Drug Law

Rhode Island Expands Medical Marijuana to Allow Dispensaries

| by Marijuana Policy Project

PROVIDENCE, RHODE ISLAND -- In a historic first, Rhode Island legislators today made their state the first ever to expand an existing medical marijuana law to allow for state-licensed compassion centers to grow and distribute marijuana to registered patients. Legislators easily overrode the veto issued by Gov. Donald Carcieri with override votes of 68-0 in the House and 35-3 in the Senate.

Rhode Island's medical marijuana law, like most such state laws, did not set up a formal distribution system, but simply allowed patients to grow a limited quantity of medical marijuana for their own use or designate a caregiver to grow it for them. In March, New Mexico became the first state to grant a state license to a medical marijuana producer, pursuant to legislation passed last year.

"We are seeing a historic shift to allowing state-licensed, regulated medical marijuana production and distribution," said Karen O'Keefe, director of state policies for the Marijuana Policy Project in Washington, D.C. "Combining regulated distribution with provisions for patients to grow a limited quantity for themselves is the best way to assure safe access for patients, with solid safeguards to prevent abuse." States where medical marijuana bills that include a dispensary provision are under consideration include Delaware, Illinois, Iowa, New Hampshire, New Jersey, North Carolina and Pennsylvania, and a similar ballot initiative is now being circulated in Arizona. This November, Maine voters will vote on a ballot initiative to add dispensaries to the state's medical marijuana law.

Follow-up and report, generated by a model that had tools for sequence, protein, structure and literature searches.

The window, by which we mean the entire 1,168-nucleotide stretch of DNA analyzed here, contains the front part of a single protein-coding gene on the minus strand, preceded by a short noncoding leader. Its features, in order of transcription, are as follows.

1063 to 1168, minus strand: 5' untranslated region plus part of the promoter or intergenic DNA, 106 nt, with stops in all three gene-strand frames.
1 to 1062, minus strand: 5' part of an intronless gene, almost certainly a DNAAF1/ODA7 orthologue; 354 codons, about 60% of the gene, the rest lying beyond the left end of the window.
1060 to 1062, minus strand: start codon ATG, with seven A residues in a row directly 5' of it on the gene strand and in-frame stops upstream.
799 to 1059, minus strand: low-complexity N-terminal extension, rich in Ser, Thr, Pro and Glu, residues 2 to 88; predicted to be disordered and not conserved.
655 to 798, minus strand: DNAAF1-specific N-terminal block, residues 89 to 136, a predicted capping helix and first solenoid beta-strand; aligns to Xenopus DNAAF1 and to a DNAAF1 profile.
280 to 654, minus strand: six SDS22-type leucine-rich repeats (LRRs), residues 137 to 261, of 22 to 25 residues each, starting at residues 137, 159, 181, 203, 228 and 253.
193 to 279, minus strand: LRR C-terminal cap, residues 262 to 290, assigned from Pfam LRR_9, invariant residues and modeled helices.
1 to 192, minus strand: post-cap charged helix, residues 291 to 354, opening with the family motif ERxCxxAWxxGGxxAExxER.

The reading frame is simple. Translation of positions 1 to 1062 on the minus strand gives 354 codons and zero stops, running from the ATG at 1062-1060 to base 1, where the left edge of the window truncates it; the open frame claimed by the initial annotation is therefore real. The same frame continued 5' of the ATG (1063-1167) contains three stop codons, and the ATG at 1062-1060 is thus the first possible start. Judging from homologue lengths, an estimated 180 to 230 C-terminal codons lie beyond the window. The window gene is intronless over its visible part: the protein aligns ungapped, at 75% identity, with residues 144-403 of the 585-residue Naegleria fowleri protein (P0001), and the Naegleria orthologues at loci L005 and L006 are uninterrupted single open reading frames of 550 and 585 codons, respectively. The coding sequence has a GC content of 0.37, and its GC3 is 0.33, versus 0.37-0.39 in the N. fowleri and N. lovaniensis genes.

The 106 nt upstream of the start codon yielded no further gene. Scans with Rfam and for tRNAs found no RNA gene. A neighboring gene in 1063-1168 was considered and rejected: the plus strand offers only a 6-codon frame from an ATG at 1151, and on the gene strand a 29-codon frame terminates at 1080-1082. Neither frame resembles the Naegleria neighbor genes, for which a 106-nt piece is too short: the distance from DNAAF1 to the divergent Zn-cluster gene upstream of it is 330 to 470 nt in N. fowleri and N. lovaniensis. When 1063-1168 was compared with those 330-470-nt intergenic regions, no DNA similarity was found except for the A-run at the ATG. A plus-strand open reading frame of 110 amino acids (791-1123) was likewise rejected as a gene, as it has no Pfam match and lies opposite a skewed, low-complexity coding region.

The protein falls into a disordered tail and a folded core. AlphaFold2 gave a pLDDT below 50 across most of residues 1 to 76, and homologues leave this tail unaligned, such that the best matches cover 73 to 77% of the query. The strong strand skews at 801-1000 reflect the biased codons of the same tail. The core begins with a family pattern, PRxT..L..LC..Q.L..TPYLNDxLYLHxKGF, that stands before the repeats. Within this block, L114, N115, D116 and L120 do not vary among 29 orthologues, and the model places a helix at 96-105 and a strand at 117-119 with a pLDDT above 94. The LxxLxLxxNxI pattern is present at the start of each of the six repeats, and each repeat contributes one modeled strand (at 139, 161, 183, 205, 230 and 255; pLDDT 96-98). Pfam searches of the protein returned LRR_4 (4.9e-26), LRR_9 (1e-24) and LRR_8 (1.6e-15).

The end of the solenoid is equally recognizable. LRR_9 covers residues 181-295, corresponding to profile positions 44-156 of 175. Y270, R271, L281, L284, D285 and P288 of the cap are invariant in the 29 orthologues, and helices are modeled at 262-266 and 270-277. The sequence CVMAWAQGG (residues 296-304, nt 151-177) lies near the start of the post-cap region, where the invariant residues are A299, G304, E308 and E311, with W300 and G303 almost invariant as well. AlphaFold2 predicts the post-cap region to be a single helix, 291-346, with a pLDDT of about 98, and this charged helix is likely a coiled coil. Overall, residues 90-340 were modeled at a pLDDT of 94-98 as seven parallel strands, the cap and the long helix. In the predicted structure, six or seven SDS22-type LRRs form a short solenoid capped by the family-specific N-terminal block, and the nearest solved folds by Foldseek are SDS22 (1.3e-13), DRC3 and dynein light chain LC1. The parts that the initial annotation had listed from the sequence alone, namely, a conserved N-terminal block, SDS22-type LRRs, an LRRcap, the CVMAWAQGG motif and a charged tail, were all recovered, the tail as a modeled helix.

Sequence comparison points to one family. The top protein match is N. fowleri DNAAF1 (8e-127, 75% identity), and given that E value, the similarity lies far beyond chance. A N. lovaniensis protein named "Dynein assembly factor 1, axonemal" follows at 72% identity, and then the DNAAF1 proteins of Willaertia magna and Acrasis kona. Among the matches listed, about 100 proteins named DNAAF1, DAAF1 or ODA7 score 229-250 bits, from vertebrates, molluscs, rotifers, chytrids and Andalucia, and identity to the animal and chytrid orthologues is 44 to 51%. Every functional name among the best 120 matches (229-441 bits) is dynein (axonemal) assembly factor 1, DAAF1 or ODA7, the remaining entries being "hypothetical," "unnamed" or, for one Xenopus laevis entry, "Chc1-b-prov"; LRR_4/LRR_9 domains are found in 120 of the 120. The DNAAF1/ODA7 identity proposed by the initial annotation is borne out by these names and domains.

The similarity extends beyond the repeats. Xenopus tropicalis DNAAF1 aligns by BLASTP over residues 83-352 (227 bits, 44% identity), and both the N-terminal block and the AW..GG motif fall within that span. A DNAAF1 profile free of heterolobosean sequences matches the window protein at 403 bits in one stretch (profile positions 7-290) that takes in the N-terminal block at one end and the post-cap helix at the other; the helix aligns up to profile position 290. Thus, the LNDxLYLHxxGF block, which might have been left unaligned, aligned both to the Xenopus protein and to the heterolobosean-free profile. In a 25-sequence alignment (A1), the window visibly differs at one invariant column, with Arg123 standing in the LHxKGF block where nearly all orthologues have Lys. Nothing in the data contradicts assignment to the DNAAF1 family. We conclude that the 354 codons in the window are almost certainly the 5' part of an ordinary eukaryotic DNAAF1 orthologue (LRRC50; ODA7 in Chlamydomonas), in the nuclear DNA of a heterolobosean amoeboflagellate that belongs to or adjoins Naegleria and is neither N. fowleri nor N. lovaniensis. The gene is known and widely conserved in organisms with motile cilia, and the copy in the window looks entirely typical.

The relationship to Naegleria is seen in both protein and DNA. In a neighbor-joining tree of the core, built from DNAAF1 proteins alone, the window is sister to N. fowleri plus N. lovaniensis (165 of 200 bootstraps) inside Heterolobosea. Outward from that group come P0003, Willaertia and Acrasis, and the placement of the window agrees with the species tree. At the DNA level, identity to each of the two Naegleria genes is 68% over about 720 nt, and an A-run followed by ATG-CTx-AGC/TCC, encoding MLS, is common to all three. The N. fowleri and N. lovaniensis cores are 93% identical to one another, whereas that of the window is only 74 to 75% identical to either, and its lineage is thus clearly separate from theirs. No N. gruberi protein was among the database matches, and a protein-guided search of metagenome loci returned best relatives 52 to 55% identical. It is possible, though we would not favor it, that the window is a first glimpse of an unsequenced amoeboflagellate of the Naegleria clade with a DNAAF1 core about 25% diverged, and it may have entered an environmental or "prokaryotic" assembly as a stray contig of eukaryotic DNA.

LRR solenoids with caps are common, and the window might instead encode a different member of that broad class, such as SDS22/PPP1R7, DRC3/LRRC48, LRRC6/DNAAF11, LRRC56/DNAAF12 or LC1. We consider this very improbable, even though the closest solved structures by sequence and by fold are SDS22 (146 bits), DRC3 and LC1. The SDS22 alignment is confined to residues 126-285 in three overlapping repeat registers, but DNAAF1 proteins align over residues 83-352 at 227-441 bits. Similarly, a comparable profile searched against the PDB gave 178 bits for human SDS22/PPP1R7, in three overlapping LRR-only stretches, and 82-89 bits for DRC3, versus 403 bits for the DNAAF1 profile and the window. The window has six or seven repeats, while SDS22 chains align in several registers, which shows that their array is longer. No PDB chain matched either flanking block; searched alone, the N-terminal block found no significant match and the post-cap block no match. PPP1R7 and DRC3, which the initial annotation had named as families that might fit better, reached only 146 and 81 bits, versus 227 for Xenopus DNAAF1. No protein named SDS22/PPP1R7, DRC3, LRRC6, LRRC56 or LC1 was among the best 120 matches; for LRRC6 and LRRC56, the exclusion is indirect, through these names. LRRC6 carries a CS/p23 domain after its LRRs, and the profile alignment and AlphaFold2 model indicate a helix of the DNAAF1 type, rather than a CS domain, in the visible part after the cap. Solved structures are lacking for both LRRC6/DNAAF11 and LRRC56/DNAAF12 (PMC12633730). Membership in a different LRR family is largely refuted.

"During the Bush administration, the Drug Enforcement Administration raided medical marijuana patients and caregivers in California, leaving states hesitant to set up state-regulated distribution," said MPP director of government relations Aaron Houston. "Now that the Obama administration has announced a policy change, state legislators seem to feel safer adopting a sensible, regulated system of medical marijuana distribution that avoids the mistakes of California, where dispensaries sprang up with no rules. This is a historic step forward."

With more than 27,000 members and 100,000 e-mail subscribers nationwide, the Marijuana Policy Project is the largest marijuana policy reform organization in the United States. MPP believes that the best way to minimize the harm associated with marijuana is to regulate marijuana in a manner similar to alcohol. For more information, please visit http://MarijuanaPolicy.org.